Wardle & Co

 

"Snakehead"
“Snakehead”

Wardle & Co. was founded in 1872 at the Hencroft Works on the banks of the river Churnet. At first it was a commission dyers until William Morris worked at the site with Thomas Wardle, when textile printing was introduced.  The company was flexible and organised to accommodate both small-scale orders and large commissions.

Hencroft Dye Works
Hencroft Dye Works

It converted skeins of yarn and ‘grey’ cloth using natural dyes and hand block-printed patterns. William Morris had 14 designs successfully and continuously printed there while the site was active. Patterns were skilfully transferred to silk, linen, cotton, wool and velveteen using traditional skills which had almost disappeared elsewhere.

The techniques attracted many influential designers from the Arts and Crafts movement to Wardle, who could turn their concepts on paper into beautiful textiles. Roller printing and aniline dyes were used if clients wished it. The client list included major retailers such as Liberty & Co. Harrods, Heals and Storeys along with other textile companies like G. P. & J Baker, Donald Bros.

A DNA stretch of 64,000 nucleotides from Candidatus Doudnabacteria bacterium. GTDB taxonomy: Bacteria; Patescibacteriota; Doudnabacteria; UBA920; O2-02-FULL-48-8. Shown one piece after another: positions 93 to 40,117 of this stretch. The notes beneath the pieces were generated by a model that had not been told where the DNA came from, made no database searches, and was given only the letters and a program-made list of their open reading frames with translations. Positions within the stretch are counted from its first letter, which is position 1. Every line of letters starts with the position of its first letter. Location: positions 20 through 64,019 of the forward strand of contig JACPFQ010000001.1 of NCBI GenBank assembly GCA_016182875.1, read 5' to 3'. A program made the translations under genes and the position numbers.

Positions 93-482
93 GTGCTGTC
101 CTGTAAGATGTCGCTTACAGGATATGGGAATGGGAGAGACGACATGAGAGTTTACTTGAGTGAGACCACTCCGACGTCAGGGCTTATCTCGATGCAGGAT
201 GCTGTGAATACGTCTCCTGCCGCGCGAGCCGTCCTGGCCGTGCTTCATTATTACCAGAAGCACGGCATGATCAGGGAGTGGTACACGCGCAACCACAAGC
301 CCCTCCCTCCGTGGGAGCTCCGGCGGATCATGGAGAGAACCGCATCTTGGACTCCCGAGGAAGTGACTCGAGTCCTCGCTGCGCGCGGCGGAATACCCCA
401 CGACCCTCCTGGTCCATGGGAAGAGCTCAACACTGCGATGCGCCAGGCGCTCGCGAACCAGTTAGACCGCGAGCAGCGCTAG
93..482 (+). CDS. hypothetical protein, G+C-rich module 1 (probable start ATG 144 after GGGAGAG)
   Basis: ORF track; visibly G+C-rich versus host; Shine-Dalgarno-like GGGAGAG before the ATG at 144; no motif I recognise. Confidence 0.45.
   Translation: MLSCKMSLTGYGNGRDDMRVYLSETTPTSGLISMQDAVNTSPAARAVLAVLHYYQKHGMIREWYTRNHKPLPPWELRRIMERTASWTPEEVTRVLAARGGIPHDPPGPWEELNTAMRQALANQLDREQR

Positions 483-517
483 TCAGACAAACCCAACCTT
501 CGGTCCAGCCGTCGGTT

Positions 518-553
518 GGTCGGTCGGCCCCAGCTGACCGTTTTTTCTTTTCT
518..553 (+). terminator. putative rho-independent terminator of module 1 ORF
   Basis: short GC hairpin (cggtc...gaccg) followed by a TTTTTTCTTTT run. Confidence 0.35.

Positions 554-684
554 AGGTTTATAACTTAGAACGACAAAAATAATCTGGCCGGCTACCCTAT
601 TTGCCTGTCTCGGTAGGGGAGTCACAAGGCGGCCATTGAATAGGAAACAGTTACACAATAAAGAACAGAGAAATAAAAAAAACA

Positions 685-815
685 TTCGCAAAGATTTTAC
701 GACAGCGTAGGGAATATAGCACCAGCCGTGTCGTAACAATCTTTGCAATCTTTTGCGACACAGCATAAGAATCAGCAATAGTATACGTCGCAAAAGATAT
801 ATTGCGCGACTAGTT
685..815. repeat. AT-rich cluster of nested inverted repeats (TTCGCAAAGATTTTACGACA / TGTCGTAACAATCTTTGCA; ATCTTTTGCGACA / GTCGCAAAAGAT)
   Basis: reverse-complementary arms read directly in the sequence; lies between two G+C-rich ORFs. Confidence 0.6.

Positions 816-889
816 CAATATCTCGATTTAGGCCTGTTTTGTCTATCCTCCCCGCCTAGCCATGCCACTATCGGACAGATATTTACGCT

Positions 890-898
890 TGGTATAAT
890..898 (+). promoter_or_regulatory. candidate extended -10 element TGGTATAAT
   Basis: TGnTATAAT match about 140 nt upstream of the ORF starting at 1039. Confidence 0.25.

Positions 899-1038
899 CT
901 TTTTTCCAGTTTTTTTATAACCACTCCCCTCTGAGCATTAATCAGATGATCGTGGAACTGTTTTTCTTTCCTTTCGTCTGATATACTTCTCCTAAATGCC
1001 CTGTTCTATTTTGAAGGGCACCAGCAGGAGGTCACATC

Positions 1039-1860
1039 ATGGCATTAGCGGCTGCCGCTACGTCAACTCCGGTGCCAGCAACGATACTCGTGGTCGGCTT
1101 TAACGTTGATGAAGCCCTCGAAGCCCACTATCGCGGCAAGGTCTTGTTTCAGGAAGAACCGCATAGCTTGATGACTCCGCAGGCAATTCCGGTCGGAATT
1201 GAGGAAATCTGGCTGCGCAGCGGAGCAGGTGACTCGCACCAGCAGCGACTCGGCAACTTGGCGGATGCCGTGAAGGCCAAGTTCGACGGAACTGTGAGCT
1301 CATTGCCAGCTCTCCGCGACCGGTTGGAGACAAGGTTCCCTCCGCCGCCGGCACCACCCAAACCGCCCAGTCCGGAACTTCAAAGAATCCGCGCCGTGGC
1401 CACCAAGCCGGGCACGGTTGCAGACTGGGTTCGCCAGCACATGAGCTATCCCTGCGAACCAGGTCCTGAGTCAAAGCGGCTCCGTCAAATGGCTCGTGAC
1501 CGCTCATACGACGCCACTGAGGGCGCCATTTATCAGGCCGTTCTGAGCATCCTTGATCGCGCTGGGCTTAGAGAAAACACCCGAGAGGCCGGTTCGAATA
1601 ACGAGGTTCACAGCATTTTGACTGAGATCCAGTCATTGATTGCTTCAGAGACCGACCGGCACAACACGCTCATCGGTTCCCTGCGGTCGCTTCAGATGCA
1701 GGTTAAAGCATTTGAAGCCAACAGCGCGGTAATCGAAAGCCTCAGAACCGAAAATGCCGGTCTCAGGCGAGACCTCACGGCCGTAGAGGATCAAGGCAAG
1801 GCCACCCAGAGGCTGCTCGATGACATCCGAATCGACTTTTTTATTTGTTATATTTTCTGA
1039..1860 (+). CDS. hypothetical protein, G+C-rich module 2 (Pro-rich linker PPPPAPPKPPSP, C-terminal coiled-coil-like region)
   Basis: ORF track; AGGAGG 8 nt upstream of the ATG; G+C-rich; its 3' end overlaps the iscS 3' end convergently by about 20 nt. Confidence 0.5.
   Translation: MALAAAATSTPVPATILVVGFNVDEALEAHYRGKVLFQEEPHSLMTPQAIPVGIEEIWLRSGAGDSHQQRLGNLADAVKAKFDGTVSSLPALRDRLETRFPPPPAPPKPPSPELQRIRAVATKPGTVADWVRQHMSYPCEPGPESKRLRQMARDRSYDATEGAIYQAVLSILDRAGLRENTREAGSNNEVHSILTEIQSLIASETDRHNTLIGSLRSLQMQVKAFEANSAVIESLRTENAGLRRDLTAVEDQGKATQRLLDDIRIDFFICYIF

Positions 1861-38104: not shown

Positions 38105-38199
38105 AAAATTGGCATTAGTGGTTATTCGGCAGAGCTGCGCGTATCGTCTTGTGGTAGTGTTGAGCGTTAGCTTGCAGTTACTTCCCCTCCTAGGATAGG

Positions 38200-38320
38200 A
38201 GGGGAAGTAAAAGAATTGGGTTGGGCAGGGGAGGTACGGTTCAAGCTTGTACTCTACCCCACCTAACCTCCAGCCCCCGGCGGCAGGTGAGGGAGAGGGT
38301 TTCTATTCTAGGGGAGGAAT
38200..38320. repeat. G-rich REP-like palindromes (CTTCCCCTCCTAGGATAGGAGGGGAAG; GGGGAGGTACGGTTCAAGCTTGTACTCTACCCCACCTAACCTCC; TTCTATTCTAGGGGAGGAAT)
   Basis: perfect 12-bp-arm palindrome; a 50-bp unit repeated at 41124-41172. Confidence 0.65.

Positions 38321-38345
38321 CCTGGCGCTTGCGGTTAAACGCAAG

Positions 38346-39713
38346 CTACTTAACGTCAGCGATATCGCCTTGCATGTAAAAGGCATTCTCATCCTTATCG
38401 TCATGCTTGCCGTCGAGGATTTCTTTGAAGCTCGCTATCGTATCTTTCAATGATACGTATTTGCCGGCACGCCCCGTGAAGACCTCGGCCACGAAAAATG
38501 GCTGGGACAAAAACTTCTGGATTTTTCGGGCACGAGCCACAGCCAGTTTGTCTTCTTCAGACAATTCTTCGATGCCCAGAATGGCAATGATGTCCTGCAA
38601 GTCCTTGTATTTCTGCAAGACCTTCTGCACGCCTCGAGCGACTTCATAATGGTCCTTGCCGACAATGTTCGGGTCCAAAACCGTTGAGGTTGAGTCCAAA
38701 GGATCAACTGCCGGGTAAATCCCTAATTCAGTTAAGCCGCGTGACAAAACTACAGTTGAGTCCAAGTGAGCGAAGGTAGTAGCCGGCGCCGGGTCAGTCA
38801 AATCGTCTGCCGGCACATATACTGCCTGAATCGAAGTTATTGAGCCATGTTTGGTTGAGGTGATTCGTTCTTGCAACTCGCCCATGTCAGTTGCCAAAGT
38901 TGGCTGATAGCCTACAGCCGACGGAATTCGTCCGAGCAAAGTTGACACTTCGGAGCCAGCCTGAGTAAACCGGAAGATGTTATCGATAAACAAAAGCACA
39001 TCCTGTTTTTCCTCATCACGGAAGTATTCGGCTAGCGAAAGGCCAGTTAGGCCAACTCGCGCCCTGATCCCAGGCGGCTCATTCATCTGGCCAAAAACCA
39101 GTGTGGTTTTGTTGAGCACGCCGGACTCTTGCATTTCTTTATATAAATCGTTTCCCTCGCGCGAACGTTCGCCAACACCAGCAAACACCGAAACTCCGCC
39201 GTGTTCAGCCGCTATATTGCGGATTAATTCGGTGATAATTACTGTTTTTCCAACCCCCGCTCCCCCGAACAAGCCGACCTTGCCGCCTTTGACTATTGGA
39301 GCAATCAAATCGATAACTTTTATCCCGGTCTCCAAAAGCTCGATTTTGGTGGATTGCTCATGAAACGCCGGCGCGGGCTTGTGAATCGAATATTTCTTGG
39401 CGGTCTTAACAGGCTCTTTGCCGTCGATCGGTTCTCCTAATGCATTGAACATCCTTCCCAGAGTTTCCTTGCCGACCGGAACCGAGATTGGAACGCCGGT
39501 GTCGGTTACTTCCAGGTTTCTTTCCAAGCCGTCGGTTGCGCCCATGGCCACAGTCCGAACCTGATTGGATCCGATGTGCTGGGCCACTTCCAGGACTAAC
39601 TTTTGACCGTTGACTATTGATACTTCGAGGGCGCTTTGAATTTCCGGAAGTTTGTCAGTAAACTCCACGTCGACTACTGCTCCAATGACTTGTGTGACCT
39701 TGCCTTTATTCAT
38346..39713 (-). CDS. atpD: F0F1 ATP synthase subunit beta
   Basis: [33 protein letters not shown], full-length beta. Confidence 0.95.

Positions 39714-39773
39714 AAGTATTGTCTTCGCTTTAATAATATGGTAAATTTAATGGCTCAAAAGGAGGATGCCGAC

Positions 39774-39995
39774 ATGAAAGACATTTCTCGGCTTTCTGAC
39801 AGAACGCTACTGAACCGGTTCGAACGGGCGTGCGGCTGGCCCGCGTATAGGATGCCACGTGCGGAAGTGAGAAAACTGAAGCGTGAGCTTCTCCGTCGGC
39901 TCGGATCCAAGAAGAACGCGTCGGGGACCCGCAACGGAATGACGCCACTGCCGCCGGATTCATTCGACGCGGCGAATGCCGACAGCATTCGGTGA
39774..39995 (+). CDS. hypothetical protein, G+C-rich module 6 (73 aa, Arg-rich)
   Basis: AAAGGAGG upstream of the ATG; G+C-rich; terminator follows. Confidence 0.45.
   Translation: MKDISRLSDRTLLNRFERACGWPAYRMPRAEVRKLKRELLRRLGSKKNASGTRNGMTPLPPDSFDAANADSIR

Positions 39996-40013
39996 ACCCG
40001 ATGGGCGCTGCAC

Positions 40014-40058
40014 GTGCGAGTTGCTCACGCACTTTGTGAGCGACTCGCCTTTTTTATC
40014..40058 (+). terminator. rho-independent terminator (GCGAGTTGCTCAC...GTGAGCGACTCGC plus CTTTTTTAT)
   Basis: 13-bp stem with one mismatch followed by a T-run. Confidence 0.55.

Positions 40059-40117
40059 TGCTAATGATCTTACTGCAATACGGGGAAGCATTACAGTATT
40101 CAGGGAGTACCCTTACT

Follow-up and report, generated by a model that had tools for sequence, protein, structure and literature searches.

'Acanthus' designed by William Morris printed by T Wardle
Acanthus – Designed by William Morris – Printed by Thomas Wardle
dye works 1879
Leekbrook Dye Works

The company produced its own fabric collections, including printed velveteen for ecclesiastical and domestic interiors and a popular range of hand-block printed ‘Mysore Silks’ for clothing; some of the Indian and Persian inspired patterns were also produced as wallpapers. Liberty’s Regent Street store displayed ‘Art Colours’ by Wardle which became a trademark product for the retailer and printer alike. Wardle & Co. products were frequently exhibited and received many prizes. Bernard and Tom Wardle Jnr. continued to run the business on the Hencroft site until 1908, when it proved to be too small for the expanding order book.